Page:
Benefits of a year-long workplace weight loss program on cardiovascular risk factors

Pritchard, Janet E., Nowson, Caryl, Billington, Timothy and Wark, John D. 2002, Benefits of a year-long workplace weight loss program on cardiovascular risk factors, Nutrition and dietetics, vol. 59, no. 2, pp. 87-96.

Attached Files
Name Description MIMEType Size Downloads

Title Benefits of a year-long workplace weight loss program on cardiovascular risk factors
Author(s) Pritchard, Janet E.
Nowson, Caryl
Billington, Timothy
Wark, John D.
Journal name Nutrition and dietetics
Volume number 59
Issue number 2
Start page 87
End page 96
Publisher Blackwell Publishing Limited
Place of publication Oxford, England
Publication date 2002-06
ISSN 1446-6368
Keyword(s) workplace weight loss program
body weight
abdominal fat
blood pressure
blood lipids
lipoproteins
DXA
Summary Objective: To assess the effectiveness of a year-long workplace weight loss program in reducing risk factors of coronary heart disease.

Design: A randomised, controlled study of low fat (25% of dietary energy) diet- and/or moderate exercise-induced weight loss interventions in free-living, middle-aged men. Compliance was monitored from food and activity diaries at monthly blood pressure measurement sessions. Blood was sampled and body composition determined from dual energy X-ray absorptiometry before and after 12 months.

Subjects and setting: Fifty-eight overweight men (mean [+ or -] SD age: 43.4 [+ or -] 5.7 years; BMI 29.0 [+ or -] 2.6 kg/[m.sup.2]), recruited from a national corporation, were instructed into diet (n = 18) exercise (a 21) or control (n = 19) groups over 12 months; 16 control subjects combined diet and exercise (n = 16) for the subsequent 12 months.

Main outcome measures: At 12 months, weight, total and regional fat and lean mass, dietary energy and percentage dietary fat intake, physical activity indices, systolic and diastolic blood pressure, serum insulin, blood lipids and lipoproteins.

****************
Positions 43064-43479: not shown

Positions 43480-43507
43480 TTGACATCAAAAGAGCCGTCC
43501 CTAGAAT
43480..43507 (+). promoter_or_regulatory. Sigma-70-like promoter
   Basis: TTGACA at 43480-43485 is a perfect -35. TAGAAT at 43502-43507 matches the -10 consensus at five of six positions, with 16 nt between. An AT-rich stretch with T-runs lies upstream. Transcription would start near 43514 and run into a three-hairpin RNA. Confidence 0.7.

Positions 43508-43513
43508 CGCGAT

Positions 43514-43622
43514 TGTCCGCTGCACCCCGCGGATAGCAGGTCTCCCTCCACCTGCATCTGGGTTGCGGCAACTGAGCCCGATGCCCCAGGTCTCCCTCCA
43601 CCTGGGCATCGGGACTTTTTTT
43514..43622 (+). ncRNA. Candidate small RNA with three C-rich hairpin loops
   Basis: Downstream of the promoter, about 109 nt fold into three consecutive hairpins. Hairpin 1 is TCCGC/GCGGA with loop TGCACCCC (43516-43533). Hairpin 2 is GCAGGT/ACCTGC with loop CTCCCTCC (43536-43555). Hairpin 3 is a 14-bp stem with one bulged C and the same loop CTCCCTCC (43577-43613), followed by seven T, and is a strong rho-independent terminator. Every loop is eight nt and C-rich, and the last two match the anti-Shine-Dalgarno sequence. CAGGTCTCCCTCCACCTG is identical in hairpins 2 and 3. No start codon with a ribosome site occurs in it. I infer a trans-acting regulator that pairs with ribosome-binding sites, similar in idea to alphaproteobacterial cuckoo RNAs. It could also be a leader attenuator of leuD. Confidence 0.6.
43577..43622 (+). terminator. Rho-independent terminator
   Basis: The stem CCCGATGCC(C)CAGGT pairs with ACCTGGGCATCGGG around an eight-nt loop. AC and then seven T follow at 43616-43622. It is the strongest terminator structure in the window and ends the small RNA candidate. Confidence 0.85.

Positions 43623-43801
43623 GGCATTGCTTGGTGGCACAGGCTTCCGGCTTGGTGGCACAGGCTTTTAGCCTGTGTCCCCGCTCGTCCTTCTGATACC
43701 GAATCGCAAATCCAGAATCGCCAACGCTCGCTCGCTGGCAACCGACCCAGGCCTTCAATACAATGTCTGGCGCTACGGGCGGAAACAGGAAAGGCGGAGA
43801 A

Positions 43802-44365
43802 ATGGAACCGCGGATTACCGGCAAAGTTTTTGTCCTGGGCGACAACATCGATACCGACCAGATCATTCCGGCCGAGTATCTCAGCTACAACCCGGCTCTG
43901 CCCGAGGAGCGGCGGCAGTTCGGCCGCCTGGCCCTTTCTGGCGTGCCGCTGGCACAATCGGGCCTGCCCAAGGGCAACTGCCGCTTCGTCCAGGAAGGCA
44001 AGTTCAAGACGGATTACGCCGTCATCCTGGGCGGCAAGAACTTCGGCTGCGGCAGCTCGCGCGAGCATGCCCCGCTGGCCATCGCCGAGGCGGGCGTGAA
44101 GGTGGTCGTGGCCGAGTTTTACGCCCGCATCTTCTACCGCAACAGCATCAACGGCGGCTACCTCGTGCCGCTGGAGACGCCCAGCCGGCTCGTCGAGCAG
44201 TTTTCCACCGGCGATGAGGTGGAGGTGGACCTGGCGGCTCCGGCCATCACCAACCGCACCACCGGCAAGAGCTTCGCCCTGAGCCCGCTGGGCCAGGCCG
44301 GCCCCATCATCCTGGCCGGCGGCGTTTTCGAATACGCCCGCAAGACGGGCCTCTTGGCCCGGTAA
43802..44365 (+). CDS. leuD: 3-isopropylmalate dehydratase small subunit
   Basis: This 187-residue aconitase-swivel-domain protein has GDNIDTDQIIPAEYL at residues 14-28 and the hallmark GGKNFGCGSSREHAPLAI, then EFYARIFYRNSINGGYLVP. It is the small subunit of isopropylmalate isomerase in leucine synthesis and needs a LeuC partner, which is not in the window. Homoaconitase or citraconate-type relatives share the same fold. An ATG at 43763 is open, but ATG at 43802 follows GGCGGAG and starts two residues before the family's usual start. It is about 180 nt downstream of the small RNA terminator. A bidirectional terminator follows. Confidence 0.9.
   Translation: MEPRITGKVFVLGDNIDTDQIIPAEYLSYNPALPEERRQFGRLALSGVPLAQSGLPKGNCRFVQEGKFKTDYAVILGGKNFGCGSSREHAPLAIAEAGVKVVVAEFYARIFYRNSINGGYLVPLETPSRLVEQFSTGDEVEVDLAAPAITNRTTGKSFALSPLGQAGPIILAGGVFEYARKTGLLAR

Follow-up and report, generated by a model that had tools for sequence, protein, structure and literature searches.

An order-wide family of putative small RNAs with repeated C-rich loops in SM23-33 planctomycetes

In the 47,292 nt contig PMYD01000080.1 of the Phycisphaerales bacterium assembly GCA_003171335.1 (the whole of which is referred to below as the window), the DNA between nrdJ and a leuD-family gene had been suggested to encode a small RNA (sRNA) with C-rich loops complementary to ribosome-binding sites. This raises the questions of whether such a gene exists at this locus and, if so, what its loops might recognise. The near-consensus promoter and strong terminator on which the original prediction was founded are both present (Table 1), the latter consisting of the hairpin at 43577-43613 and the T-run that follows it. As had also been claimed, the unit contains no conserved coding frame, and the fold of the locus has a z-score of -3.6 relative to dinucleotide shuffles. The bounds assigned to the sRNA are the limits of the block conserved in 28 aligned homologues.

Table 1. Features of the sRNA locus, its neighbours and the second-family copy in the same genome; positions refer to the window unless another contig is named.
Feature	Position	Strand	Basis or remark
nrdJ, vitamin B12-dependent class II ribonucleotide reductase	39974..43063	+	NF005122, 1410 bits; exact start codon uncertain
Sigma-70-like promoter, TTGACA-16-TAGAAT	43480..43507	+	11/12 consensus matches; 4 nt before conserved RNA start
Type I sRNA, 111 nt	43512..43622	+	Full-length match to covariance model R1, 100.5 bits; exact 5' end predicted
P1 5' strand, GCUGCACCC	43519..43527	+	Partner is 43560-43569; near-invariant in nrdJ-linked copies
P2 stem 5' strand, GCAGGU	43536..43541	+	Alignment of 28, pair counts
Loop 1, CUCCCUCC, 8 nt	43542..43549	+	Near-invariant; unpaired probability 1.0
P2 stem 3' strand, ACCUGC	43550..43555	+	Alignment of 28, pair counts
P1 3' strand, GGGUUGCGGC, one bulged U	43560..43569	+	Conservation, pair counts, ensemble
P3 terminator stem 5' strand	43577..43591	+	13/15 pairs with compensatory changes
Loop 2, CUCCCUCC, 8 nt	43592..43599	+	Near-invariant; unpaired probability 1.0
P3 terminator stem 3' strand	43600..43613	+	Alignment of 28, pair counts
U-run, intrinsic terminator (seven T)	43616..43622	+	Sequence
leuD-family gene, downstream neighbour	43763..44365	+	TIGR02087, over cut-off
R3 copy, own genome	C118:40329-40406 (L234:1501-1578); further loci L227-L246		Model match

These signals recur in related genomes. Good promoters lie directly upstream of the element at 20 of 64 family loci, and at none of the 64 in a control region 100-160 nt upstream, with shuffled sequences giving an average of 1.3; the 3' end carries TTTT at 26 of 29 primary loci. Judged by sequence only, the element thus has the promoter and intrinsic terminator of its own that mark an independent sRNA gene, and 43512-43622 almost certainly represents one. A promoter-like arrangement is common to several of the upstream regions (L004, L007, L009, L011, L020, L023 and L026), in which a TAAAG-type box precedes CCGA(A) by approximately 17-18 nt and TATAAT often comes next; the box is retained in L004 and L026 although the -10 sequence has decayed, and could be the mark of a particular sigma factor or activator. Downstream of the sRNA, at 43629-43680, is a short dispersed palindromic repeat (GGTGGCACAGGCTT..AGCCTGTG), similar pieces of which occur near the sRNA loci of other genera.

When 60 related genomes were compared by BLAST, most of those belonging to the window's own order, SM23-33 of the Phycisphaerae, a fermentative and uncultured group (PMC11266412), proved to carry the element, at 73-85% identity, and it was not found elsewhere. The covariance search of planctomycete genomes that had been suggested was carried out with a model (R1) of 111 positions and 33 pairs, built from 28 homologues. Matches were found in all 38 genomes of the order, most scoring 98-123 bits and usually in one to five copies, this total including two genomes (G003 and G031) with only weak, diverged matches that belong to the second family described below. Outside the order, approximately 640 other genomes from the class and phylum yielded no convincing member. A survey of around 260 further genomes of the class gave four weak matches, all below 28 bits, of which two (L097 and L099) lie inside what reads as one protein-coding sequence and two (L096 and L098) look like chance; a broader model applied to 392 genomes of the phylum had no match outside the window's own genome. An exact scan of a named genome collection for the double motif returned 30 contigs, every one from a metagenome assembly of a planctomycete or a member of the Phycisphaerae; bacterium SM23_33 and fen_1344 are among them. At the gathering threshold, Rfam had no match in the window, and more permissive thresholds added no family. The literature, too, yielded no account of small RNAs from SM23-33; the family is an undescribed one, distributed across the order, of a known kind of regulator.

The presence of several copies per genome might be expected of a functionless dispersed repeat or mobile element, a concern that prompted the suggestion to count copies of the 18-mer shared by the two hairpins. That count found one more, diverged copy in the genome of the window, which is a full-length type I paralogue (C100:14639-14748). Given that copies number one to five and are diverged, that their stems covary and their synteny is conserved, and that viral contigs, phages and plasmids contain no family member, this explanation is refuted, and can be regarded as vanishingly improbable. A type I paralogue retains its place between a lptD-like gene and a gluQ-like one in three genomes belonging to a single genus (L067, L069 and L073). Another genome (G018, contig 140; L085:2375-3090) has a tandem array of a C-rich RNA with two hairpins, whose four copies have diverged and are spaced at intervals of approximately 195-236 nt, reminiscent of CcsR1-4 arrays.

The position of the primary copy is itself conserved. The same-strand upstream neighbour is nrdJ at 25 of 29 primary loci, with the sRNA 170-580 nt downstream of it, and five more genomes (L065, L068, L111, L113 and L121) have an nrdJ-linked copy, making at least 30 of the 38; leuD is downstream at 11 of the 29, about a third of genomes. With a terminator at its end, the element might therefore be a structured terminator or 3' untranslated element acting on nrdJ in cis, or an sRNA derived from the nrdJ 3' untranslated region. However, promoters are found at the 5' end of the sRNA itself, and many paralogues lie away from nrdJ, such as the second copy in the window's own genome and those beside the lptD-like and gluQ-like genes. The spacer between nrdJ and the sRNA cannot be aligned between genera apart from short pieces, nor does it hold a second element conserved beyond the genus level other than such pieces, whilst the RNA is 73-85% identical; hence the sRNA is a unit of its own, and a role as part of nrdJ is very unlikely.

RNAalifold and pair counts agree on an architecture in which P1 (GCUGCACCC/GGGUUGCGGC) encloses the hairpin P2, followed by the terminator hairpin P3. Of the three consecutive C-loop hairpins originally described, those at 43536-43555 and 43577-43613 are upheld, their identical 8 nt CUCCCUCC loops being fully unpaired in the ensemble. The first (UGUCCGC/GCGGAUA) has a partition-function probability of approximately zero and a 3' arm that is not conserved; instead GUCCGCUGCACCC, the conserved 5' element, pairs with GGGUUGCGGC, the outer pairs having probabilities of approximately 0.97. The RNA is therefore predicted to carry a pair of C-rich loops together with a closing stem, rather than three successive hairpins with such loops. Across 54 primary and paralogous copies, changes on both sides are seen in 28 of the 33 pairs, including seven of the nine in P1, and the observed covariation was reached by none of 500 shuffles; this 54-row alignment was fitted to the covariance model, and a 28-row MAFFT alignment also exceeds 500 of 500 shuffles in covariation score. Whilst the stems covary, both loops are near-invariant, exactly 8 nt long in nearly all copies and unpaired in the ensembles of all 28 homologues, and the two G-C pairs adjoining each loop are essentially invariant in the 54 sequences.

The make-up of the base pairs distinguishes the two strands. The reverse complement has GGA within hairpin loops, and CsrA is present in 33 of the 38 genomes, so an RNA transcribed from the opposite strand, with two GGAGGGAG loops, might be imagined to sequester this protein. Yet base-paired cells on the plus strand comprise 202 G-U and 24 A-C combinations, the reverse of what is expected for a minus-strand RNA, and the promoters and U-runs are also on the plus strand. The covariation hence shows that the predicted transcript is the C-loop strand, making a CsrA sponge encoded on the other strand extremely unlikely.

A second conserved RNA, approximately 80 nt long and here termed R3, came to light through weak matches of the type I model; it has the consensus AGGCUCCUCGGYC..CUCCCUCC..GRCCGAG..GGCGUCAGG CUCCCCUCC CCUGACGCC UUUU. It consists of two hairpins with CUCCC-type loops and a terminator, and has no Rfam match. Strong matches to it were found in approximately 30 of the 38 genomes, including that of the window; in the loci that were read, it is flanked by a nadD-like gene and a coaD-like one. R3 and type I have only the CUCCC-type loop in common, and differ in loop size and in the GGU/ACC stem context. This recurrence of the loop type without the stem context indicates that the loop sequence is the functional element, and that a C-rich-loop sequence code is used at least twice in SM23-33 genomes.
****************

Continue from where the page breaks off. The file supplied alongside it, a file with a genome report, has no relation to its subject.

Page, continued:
Statistical analyses: Differences between groups were tested using analysis of variance with Scheffe post hoc test. Differences between pre- and post-intervention variables were tested using Students' paired t-tests. Pearson's correlation coefficient and univariate linear regression identified association between dependent variables, multiple stepwise regression identified specific predictors.

Results: Weight loss with either diet or exercise resulted in a reduction in systolic blood pressure (-3.3 [+ or -] 1.7%), diastolic blood pressure (-4.8 [+ or -] 1.3%) and LDL cholesterol (-3.9 [+ or -] 2.8%), a rise in HDL cholesterol (+10.0 [+ or -] 3.8%) and a change in the LDL/HDL ratio (-8.9 [+ or -] 3.5%). Abdominal fat loss (-26.8 [+ or -] 3.6% after diet; -16.6 [+ or -] 4.5% after exercise; -21.0 [+ or -] 4.7% after diet and exercise) was the strongest predictor of change in blood pressure: twenty percent abdominal fat loss predicted a percentage fall of 2.4 [+ or -] 0.05% in systolic blood pressure and 5.4 [+ or -] 0.07% in diastolic blood pressure. Greater abdominal fat loss was associated with the greatest decrease in serum insulin (P < 0.05).

Conclusion: Modest changes in diet and exercise effected by a low cost workplace-based education program achieved weight loss, loss of abdominal fat, reduced blood pressure and serum insulin and improved blood lipid concentrations. (Nutr Diet 2002;59:87-96)


Language eng
Field of Research 111199 Nutrition and Dietetics not elsewhere classified
HERDC Research category C1 Refereed article in a scholarly journal
Copyright notice ©2002, Dietitians Association of Australia
Persistent URL http://hdl.handle.net/10536/DRO/DU:30008532

Connect to link resolver
 
Unless expressly stated otherwise, the copyright for items in DRO is owned by the author, with all rights reserved.

Versions
Version Filter Type
Access Statistics: 1165 Abstract Views, 0 File Downloads  -  Detailed Statistics
Created: Mon, 13 Oct 2008, 15:34:45 EST

Every reasonable effort has been made to ensure that permission has been obtained for items included in DRO. If you believe that your rights have been infringed by this repository, please contact drosupport@deakin.edu.au.